All 3D programs rely on an application programming interface (API). When combined with a 3D graphics card this is what makes real time 3D graphics possible. Most professional 3D applications use OpenGL, whereas most games use Microsoft’s DirectX. However, with DirectX 11 and supporting hardware and software now out in the market, details of what the API offers 3D CAD users are becoming more clear.
Direct X currently provides the 3D graphics engine for a few CAD applications including Autodesk Inventor and MicroStation. It is also the secondary graphics engine in Solid Edge. Currently Autodesk Inventor is mainly DX9 with some bits of DX10 used to release the 3D engine to do other tasks. It’s likely that Autodesk would introduce some of the new features of DX11 inside a future release of its 3D CAD software but what does DX11 offer?
For some time now we have been using multi core CPUs. However, the number of applications that can really exploit all of these cores are still limited and include rendering, plus certain software for Finite Element Analysis (FEA), Computational Fluid Dynamics (CFD) and CAM. Recently this has started to change with multithreaded software appearing in other areas, including graphics.
The DirectX 11 API also supports multithreading to handle things like display lists. This is information that is passed backwards and forwards between the computer’s system memory and the graphic card’s GPU and memory. By using spare CPU cores to control the graphics card, the workstation can dedicate specific CPU cores to work with the CAD application. This not only speeds up the CAD application, but can increase the physical 3D rotation speed of the model – in some cases as much as 20 to 50%.
The next thing that DX11 offers is “compute shaders”. These can perform post-processing operations including physics, Artificial Intelligence (AI) and particle systems. Most 3D animation software, including 3ds Max, support some of these features in one form or another and they use the CPU or GPU to handle this. DX11 has great access to the geometry that these operations use so it has a key importance and an advantage to make things happen quickly without the long wait that can be associated existing methods.
Physics are also of great interest to solid modellers to test if components collide when moving. A lot of modellers do this already using the CPU but when the assembly gets larger, the processing time can be huge. Using shaders could solve this.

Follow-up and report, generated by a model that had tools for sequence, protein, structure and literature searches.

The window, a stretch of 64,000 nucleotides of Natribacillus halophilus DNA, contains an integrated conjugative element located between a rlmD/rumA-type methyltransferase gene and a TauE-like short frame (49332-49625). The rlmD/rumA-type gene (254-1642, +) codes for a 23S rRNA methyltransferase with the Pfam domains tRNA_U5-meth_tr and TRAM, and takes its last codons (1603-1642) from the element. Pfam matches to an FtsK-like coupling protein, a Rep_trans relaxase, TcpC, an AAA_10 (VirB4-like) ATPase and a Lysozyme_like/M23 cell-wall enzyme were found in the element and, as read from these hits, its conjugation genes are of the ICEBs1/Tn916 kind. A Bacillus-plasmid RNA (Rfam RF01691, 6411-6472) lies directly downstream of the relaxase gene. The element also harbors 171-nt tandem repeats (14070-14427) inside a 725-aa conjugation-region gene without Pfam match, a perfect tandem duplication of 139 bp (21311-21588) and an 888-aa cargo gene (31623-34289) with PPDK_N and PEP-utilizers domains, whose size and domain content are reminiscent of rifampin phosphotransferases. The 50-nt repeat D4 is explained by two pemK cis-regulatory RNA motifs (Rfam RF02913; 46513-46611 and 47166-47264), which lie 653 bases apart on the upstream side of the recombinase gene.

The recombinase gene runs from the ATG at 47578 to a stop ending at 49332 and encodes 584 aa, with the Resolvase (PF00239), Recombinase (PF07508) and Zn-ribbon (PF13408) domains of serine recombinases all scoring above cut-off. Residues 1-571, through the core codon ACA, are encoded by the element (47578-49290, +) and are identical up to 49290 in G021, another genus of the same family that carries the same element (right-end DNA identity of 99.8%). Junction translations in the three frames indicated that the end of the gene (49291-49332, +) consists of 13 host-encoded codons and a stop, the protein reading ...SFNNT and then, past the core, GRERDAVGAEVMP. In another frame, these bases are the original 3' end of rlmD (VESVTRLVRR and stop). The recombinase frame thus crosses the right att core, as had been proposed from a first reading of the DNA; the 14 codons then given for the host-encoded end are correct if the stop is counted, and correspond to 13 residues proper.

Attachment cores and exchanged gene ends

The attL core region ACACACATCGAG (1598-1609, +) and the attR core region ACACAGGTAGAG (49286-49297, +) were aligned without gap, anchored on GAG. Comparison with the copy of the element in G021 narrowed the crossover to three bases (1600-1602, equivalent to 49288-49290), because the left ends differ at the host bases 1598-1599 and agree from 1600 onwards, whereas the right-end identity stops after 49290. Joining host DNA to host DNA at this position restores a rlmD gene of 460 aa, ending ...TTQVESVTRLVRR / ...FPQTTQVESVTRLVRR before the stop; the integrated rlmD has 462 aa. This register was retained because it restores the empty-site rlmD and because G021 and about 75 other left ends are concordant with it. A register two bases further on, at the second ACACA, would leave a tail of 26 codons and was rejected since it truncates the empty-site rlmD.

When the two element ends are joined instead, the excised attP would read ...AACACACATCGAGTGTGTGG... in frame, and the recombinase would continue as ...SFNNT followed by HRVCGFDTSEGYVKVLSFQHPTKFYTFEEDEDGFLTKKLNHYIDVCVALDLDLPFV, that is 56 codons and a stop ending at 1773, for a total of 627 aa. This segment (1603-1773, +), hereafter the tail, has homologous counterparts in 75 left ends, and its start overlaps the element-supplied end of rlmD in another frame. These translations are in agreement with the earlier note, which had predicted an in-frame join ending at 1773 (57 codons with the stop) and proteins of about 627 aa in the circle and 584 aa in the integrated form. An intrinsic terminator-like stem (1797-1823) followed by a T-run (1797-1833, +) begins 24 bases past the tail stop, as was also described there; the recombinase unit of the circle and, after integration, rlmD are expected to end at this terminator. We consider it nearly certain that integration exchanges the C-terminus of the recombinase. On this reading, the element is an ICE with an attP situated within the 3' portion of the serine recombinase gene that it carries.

Tessellation is the process of transforming data and adapting it for another purpose, on the fly. It can take an existing mesh and enhance certain sections of a model to give more detail. It can also be used the other way round to reduce detail in a scene. For example, in a landscape the far off detail is not required, so it can be reduced to increase real time 3D performance or reduce render times. In engineering, the technology could potentially be used to refine meshes for FEA.
3ds Max uses .fx shaders today to show depth of field and motion blur that can be taken to the final render. DX 11 enhances the use of these inside a viewport where there are options to interact with applying them. Studio GPU’s software Mach Studio Pro also has some of these capabilities in a rasteriser format. Roughly 85% of applications use a rasteriser approach including most 3D creation applications. There is often a lot of confusion between rasteriser and ray tracing when people see realtime shader effects. All of these functions add realism to any 3D application including CAD.
In order to make use of these new capabilities, a DirectX 11 compatible graphics card is required, but the raw hardware can also be utilised by OpenGL and OpenCL, which is used to execute across heterogeneous platforms consisting of CPUs, GPUs, and other processors (tinyurl.com/D3DopenCL).
The recently announced OpenGL 4.0 includes a raft of new features bringing OpenGL in line with Microsoft’s DirectX specification. OpenGL 3.3 was also just released, providing as many of the new version 4 features as possible to older graphics hardware. (www.opengl.org has a list of all these new features).
OpenGL is still extremely important for CAD as 70% of CAD applications use it. It also has the advantage of working on multiple platforms, including Windows, Linux and Mac, whereas DX11 only works on Windows Vista and Windows 7.
Historically, when it comes to 3D, most CAD users have been primarily concerned with frame rates, visual quality and stability. However, with the advent of DirectX 11 there is the potential for benefits to go way beyond these standard metrics. And while OpenGL is likely to remain a strong foundation technology for CAD, the increased competition from DX 11 is certainly helping advance 3D technology in general, which can only be a good thing.
What does DX 11 have to offer the CAD Professional?